Aspirin Project Research

Research Projects and Studies of the Council on Aspirin for Health and Prevention

A Survey of Aspirin Use in Americans: The Key Role of Physician Advice

Led by Craig Williams, PharmD, the Council on Aspirin for Health and Prevention (Council), recently conducted a national survey of U.S. adults on aspirin use to update a previous survey conducted in 2007. In August 2012, 2,509 adults aged 45-79 were asked about their current aspirin use, their knowledge of aspirin’s benefits and harms, and whether they discussed taking aspirin with a health care provider. The survey data were analyzed to find out which factors most influence a person’s decision to take aspirin. Of those without a history of cardiovascular disease, 47% reported using aspirin. Aspirin use was more common if risk factors for heart attacks and stroke were present. In addition, those surveyed were more likely to use aspirin if they were more knowledgeable about aspirin’s benefits and harms and if they had discussed aspirin use with their health care providers. 

The Risks of Daily Aspirin Use for Cardiovascular Prevention - Myth or Reality?

This research project was executed by Dr. Miser and Dr. Stafford. Its purpose was to assess adverse events from daily aspirin use for primary and secondary prevention of CVD in an adult family practice population.  This was a cross-sectional study in five community family practice offices surrounding a large midwestern city. The participants consisted of a convenience sample of 1,605 adults, men age 45-79 and women age 55-79 years, visiting their family physician. The instrument was an anonymous 22-item pre-tested questionnaire and medical record review. The study authors concluded that although daily aspirin use has been proven useful in preventing cardiovascular disease, there is a risk of adverse reactions in about 1 in 10 adults. Thus, as family physicians provide counseling regarding appropriate aspirin use, it is important to identify those who may be at increased risk for an adverse reaction to aspirin.

Why Does Aspirin Use Fall Short of Recommendations?

Dr. Miser studies the delivery of primary care prevention services. He conducted a detailed clinical survey of aspirin use in five family medicine practices in the Ohio State University Primary Care Network in central Ohio. A total of 1,615 subjects, age 40 to 79 years, completed a 22-item, self-administered, anonymous survey concerning their demographics, medical history, cardiac risk factors, patterns of aspirin use and interactions with health providers about aspirin. This sample had a mean age 55 years. Of all respondents, 63% were women, 66% were white and 28% were African-American. Of those with known cardiovascular disease, 67% were taking daily aspirin. Of those without cardiovascular disease, 31% were taking daily aspirin. The most common reasons for not taking daily aspirin were that no one recommended it (32%), already taking too many medications (13%), concern about interactions (9%), bleeding problems (8%), and aspirin allergy (5%). The survey showed that discussions between patients and clinicians about aspirin were key to patient decisions to start aspirin.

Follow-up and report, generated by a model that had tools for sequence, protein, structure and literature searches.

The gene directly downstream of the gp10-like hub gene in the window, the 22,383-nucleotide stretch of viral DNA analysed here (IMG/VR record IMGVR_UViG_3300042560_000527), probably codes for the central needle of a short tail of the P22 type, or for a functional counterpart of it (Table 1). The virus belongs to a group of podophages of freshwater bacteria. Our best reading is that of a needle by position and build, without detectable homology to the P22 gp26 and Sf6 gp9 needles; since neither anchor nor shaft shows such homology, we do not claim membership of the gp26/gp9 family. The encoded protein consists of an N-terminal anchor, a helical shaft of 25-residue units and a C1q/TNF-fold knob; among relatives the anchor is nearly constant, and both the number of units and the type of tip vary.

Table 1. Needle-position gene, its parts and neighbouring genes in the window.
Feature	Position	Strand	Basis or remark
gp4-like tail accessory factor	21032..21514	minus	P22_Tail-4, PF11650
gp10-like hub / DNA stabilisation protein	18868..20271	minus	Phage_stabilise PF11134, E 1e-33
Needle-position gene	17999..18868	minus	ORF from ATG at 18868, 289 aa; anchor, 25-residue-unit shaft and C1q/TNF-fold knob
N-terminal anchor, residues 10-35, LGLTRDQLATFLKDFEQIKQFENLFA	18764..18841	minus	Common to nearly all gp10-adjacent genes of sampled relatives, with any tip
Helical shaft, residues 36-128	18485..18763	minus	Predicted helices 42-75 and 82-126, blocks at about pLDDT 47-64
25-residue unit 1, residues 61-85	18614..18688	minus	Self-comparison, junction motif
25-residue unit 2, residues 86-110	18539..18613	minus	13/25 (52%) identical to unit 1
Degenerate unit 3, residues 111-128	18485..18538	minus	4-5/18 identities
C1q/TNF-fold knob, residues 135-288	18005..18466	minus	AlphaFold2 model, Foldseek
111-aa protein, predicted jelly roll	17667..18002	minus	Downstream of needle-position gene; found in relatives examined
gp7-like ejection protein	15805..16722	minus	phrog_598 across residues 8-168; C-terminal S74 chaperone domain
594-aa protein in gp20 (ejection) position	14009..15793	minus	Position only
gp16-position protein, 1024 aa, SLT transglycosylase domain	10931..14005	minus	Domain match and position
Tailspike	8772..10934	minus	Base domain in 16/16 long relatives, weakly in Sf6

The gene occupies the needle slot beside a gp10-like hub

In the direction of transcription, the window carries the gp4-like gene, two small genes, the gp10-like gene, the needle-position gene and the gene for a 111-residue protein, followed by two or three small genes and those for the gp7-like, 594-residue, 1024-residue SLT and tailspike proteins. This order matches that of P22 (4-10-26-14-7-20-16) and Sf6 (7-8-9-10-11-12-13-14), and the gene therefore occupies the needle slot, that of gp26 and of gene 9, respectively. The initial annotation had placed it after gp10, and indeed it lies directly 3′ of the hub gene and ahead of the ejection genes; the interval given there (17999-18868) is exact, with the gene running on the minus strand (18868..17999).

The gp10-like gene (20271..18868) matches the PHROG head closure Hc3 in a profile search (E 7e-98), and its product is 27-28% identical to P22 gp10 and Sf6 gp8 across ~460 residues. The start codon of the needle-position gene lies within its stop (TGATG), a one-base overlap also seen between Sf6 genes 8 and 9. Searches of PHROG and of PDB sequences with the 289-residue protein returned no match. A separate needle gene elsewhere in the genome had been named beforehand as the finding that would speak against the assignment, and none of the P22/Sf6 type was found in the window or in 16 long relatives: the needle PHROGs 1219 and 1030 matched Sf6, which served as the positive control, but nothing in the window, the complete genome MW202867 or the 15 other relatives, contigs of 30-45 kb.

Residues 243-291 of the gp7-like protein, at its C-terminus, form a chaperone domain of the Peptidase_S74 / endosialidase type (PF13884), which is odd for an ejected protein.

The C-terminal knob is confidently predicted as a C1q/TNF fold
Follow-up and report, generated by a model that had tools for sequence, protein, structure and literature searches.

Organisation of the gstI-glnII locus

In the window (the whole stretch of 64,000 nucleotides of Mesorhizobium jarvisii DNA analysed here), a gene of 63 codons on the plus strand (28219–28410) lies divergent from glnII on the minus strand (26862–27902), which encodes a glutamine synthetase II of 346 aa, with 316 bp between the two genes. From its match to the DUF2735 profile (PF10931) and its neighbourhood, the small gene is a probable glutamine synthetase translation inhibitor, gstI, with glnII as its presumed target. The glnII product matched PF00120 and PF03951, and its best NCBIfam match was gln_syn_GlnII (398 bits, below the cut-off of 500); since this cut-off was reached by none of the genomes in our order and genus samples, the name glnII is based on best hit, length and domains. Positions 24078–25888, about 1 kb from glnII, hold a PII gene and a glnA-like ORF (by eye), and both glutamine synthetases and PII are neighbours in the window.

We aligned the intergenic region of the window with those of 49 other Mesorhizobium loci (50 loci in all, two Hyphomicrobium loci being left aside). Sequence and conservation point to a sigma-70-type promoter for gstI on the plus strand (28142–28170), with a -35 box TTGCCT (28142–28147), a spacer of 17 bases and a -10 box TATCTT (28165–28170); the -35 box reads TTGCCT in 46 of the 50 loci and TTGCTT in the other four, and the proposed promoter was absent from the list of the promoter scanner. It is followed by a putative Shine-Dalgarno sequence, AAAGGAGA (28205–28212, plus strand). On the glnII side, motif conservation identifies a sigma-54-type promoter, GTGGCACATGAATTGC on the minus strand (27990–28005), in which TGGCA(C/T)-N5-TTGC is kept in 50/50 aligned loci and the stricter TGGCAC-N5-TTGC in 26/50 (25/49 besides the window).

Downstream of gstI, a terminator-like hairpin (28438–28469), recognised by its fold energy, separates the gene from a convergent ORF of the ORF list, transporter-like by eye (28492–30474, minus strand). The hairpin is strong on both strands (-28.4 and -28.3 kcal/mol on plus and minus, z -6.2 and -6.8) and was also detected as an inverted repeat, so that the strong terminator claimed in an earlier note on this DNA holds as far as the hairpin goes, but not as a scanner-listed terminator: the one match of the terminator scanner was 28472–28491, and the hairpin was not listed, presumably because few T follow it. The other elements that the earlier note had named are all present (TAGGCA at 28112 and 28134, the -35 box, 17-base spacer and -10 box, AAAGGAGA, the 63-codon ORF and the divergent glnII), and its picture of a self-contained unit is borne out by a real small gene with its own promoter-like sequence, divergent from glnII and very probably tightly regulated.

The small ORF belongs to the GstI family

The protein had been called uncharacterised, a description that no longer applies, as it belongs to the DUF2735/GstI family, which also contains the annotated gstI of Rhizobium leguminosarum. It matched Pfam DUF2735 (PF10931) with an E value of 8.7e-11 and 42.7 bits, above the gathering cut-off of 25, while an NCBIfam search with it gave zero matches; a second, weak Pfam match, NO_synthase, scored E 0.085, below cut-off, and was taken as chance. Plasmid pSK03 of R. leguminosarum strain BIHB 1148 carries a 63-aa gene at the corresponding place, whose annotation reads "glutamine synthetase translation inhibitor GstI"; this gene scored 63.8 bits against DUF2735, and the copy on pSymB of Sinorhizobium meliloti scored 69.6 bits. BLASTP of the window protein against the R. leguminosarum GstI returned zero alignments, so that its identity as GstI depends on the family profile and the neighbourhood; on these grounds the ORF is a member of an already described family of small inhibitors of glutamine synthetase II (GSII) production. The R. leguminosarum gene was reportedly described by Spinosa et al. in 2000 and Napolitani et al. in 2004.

Including Cancer Benefits Would Expand Population That Is Eligible to Take Aspirin

Dr. Pignone conducts modeling work to determine the effects of aspirin on different health outcomes. He recently published an article on how cancer mortality affects the cost-effectiveness of using aspirin to prevent first heart attacks in men.1 Modeling a hypothetical population of middle aged men without diabetes or heart disease who were given aspirin therapy, he estimated their decreased risk of cardiovascular disease and cancer compared with the increased risk of gastrointestinal bleeding and stroke. He used quality-adjusted life years (adjusting for less quality following events like heart attacks) and 2012 U.S. dollars as the units of disease burden and cost. Accounting for both cardiovascular and cancer prevention benefits, aspirin was cost-effective for middle aged men with a 10-year chance of developing cardiovascular disease as low as 2.5% (half the rate compared to not accounting for cancer benefits). This expanded the population where aspirin benefits exceeded harms. This analysis suggests that aspirin recommendation should not be based solely on cardiovascular disease, as in current federal guidelines, but rather should incorporate cancer prevention.

An Online Tool for Aspirin Advice

Dr. Stafford has developed an online tool that advises consumers about whether aspirin is right for them and facilitates patient-provider discussions about aspirin. It was pilot tested among Stanford University employees.2 Data collected through the online tool showed that of patients without past stroke or heart attack who were most likely to benefit from aspirin, only 56% were taking aspirin. Of those with little to gain from aspirin, 11% were nonetheless taking aspirin. The tool advised users to contact their health care providers, particularly when the recommendation for use was different from their current practices.

Medicare Coverage for Doctors Giving Aspirin Advice

Dr. Stafford and his Stanford University colleague, Dr. Veronica Yank, developed a formal, evidence-based request to the U.S. Center on Medicare and Medicaid Services (CMS). This request led to federal adoption of a new payment mechanism so that physicians can be reimbursed for intensive heart disease and stroke risk factor counseling provided to their Medicare patients.